Dedication of Featherston Camp Sculpture
The $650,000 Paul Dibble sculpture commemorating the WWI Featherston Military Camp — New Zealand’s largest military camp — will be dedicated on Saturday 10 November.
The sculpture highlights the significance of the camp in local and national history. Featherston Military Training Camp was built by the Public Works Department in 1915 following the outbreak of the First World War. Situated near the small town of Featherston, gateway to the Wairarapa, it was opened on 24 January 1916. The camp depended on Featherston and its residents for essential supply and support services.
Nearly two-thirds of the 103,000 New Zealand servicemen who served overseas in World War 1 went through the Camp.
The camp had its own Post Office, railway link, hospital, bakery, butchery, kitchen messes, shops, clubs and places of worship.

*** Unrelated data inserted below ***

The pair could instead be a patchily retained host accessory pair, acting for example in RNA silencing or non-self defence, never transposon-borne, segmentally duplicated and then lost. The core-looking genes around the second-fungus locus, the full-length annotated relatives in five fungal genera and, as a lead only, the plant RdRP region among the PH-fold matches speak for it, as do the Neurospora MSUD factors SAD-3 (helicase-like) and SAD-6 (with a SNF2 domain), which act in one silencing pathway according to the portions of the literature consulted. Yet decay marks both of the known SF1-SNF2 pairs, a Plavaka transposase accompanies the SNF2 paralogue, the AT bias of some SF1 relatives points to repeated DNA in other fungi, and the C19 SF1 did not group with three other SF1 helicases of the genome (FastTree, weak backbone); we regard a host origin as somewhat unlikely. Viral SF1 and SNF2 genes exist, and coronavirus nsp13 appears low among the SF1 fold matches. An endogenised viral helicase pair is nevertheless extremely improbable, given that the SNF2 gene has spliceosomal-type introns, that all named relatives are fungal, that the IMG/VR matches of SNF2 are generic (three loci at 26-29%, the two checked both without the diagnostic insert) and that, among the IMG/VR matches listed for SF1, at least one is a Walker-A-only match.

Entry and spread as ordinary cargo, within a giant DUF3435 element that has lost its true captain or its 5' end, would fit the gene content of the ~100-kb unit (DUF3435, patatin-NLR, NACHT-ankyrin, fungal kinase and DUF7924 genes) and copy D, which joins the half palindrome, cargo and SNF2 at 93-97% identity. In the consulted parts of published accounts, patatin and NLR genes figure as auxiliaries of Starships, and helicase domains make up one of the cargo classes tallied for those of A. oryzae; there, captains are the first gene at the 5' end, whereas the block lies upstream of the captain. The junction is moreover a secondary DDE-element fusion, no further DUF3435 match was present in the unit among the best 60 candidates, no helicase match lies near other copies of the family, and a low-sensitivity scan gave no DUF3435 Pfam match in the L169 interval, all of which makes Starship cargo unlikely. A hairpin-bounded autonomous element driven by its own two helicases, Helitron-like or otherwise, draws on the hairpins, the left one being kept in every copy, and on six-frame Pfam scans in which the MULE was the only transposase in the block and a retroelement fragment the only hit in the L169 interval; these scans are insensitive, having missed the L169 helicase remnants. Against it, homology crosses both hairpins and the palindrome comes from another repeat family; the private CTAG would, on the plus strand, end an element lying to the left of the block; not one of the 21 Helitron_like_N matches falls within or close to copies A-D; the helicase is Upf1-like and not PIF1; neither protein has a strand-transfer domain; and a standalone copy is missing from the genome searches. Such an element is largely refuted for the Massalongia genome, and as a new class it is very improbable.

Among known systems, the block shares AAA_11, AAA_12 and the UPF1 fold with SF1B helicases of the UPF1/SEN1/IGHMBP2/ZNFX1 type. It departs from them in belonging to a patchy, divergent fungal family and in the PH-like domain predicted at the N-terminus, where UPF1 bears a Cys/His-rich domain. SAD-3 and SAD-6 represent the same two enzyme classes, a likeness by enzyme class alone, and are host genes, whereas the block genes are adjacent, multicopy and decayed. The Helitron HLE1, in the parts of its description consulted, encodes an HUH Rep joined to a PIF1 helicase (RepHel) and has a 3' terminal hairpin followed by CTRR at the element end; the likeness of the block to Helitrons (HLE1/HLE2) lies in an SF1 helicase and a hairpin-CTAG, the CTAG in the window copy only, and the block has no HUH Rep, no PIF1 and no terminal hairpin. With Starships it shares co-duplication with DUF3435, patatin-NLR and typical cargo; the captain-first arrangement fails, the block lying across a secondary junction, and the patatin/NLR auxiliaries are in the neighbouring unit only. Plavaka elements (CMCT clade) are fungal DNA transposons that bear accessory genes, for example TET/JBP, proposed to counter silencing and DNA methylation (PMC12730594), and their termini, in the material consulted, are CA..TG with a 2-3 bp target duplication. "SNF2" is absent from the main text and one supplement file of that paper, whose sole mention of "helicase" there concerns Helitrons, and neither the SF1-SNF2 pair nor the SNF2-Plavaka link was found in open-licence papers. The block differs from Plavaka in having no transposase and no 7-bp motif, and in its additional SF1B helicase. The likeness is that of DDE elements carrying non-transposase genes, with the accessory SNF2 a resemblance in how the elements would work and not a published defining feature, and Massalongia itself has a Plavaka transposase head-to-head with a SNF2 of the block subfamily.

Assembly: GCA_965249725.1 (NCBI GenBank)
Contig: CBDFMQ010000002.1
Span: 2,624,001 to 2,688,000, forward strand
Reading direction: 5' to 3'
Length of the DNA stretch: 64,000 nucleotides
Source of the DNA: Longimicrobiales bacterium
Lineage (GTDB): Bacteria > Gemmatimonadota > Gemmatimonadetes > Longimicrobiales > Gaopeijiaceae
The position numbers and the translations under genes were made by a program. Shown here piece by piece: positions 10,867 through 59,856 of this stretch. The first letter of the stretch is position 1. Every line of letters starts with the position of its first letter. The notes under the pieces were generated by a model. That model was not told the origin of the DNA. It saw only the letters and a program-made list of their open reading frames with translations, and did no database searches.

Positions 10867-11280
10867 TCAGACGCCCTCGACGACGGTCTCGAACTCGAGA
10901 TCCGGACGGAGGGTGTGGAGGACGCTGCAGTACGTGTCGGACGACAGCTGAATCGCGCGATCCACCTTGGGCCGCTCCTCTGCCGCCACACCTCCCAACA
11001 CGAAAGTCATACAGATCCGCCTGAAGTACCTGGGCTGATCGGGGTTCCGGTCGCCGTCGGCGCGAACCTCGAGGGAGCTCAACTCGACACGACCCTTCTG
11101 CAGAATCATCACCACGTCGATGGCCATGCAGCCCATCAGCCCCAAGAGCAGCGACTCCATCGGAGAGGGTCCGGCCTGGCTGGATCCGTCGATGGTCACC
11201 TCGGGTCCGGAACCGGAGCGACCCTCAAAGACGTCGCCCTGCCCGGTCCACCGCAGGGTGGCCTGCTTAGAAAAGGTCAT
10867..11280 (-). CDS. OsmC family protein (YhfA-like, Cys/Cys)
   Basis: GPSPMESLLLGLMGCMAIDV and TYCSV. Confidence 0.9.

This project has been completely community run and is a tribute to those who have been determined to see the project through to its unveiling in November. A small group of Featherston residents have raised this large amount of money to remember the 60,000 men, including the captain of the 1905 All Blacks, Dave Gallaher (killed in Belgium in 1917), who went through the Camp and then left New Zealand for service overseas.
The sculpture will be a companion piece to Paul Dibble’s New Zealand memorial, ‘Southern Stand’, in Hyde Park in London — so, the Featherston sculpture will be both nationally and internationally significant.
Over the weekend of 10–11 November (the centenary of the Armistice), Featherston will be alive with events built around the dedication and unveiling of the sculpture on Saturday 10 November at 4pm.
You can learn more about the Featherston Camp Memorial Sculpture by going to the website: featherstoncampsculpture.org/